I went through a stage recently where the only books I’d read were non-fiction. Whether they were biographies, documentaries or even just ‘inspired’ by real events – they were on my reading list, and most often they were pretty grisly.
People often asked me why I chose to read so many books about tough times people had gone through, and my response was always “Because I feel like if I’m not learning something, I’m wasting my time”.
I do realise that comment is somewhat rubbish; you can learn from fiction books. But I craved that deep understanding for something real. I guess after thirteen years of school and three years of university, I missed learning outside of my every day work – so I fulfilled my thirst for knowledge with these books.
But reading takes time, which is something I’ve been severely lacking in lately (as you can see by this post!). Then I realised, I can’t really multitask whilst reading, but I can listen.
I spend half an hour each morning walking the dog, and one hour every week day commuting to work. I had listened to T-Swizzle’s new album a dozen times and was getting a little tired of the same old songs on the radio; then I discovered podcasts.
I apologise if you’ve been sitting comfortably on this bandwagon for years now, but if you haven’t delved into the wonderful, wide world of podcasts, it’s time to push your music collection gently aside and prepare to be entertained.
You could say I’m addicted. I listen to them every morning, every evening, and sometimes try and sneak some in when I have a few quiet minutes brushing my teeth or cooking dinner.
I feel like I am learning something new every single day, most often about topics I wouldn’t actually choose to read a book or watch a TV program about. They are broadening my interests by the dozen. And those long car trips? I look forward to them now, knowing I have my podcast friends ready to keep me company.
In this post, I’d like to share with you a few of my favourite programs I’ve subscribed to and simply can’t get enough of. Serial. The podcast that started it all for me. It must be something that’s more popular in America than Australia, because I’d only seen a few American bloggers mention it, and after a visit from a friend from the US who said she’d been listening to it, I thought ‘May as well see what all the hoo-haa is about’. And I’ll tell you what – this hoo-haa is incredible.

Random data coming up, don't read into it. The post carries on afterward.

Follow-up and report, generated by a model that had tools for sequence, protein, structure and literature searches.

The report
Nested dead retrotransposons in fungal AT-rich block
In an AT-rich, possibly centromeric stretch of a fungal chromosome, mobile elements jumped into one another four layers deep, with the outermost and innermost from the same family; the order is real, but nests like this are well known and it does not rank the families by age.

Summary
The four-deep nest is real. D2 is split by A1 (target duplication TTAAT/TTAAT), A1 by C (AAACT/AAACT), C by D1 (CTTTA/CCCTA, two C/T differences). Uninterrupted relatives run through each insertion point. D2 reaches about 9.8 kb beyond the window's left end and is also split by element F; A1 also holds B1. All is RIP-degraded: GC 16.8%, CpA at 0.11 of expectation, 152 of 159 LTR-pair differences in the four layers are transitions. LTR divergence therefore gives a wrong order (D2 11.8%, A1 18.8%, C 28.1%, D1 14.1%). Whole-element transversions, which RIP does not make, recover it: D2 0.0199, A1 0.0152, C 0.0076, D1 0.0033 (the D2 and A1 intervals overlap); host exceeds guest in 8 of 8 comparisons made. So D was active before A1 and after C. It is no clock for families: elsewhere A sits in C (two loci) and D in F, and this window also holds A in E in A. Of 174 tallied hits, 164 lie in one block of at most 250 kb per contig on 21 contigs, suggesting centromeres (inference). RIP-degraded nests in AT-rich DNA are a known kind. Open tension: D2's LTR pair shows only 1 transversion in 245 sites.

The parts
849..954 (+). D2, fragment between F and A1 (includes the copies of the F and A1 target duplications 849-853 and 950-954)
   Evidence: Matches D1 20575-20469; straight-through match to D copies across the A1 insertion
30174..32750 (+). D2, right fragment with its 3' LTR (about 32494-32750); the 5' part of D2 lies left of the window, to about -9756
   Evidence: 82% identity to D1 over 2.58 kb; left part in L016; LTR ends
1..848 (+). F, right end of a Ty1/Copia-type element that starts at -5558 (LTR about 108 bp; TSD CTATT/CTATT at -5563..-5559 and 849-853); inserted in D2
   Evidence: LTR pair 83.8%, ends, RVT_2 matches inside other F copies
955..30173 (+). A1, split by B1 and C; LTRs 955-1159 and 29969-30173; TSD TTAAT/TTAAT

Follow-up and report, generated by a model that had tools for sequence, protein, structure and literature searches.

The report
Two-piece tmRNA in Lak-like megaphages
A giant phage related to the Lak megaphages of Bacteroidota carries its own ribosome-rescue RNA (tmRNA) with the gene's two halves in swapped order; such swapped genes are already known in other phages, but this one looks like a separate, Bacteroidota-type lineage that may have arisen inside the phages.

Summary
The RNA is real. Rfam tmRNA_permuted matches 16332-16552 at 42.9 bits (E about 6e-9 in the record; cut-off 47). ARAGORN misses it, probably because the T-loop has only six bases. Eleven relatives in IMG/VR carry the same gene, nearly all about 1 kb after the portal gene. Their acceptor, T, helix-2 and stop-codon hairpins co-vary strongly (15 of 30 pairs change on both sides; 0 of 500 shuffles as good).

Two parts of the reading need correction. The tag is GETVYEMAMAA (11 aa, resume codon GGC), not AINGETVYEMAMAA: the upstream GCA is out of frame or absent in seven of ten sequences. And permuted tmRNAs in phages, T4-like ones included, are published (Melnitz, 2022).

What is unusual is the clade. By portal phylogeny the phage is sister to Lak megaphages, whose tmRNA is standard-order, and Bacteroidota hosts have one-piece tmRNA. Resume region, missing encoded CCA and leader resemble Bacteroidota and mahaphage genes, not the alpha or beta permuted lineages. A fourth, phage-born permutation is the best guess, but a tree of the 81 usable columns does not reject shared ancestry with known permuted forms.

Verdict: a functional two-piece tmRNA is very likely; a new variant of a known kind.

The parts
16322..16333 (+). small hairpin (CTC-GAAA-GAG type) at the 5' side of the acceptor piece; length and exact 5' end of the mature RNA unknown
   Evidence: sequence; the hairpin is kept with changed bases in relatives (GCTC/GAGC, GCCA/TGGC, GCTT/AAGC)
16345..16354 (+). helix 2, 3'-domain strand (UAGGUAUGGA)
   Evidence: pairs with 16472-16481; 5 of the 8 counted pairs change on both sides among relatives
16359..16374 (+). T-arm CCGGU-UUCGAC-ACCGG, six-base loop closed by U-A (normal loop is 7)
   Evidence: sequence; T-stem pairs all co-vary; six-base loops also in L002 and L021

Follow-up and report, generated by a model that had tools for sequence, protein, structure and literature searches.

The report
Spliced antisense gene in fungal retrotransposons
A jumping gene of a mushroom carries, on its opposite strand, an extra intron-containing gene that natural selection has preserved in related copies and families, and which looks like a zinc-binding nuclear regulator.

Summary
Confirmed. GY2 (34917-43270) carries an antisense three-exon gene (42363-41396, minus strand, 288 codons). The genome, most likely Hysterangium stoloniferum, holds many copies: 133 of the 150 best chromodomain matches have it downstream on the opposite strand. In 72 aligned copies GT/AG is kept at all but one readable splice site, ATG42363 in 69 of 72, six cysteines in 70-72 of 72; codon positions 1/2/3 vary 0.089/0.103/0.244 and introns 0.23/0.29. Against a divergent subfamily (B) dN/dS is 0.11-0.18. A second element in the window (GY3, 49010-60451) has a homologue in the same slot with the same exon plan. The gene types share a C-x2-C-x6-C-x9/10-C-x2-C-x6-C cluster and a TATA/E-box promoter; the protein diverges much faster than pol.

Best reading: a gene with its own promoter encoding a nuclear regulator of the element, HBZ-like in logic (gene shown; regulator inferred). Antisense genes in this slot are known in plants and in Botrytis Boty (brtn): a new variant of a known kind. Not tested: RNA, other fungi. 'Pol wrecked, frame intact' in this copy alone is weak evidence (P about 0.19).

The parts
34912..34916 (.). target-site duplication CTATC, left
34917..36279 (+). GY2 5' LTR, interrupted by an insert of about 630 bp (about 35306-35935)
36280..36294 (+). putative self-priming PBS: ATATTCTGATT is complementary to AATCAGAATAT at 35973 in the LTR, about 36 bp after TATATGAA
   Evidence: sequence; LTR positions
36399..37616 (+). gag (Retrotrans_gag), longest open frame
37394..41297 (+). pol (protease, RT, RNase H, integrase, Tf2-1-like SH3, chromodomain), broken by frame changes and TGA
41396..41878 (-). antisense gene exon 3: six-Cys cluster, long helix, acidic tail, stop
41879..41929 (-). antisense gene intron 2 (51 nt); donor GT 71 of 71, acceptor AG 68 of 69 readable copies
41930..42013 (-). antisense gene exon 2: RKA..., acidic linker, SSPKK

I was hooked after only a few minutes. The 12-part series covers a journalist’s investigation into the murder of a teenage girl in 1999, for which her ex-boyfriend, also a teenager at the time, was convicted. Despite being behind bars for over a decade, he has always maintained his innocence, so the narrator goes back through every skerrick of information to try and find out once and for all ‘whodunnit’.
Although the whole series is around nine hours long, I finished it in three days and have already gotten a few friends addicted. Now it’s your turn.
After finishing Serial, I was on the hunt for a new podcast to fill the void in my ears (and mind), so a workmate recommended NPR’s Radiolab. I’ve been listening to this ongoing series for around a month now, with each episode, which can vary anywhere from 30 minutes to over an hour in length, exploring a specific theme or topic – the sky is the limit.
Sometimes there’s multiple stories in one podcast, other times it focusses on only one, but every minute is enthralling and I truly feel like I am becoming more intelligent just by listening along. If you asked me to watch an hour long documentary about the survival of the land tortoises in the Galapagos Islands for example, I’d probably give you a polite excuse and switch it over to Grey’s Anatomy. But turn it into a Radiolab podcast? I not only learnt nearly everything there is to know about these tortoises, but was hanging on every word.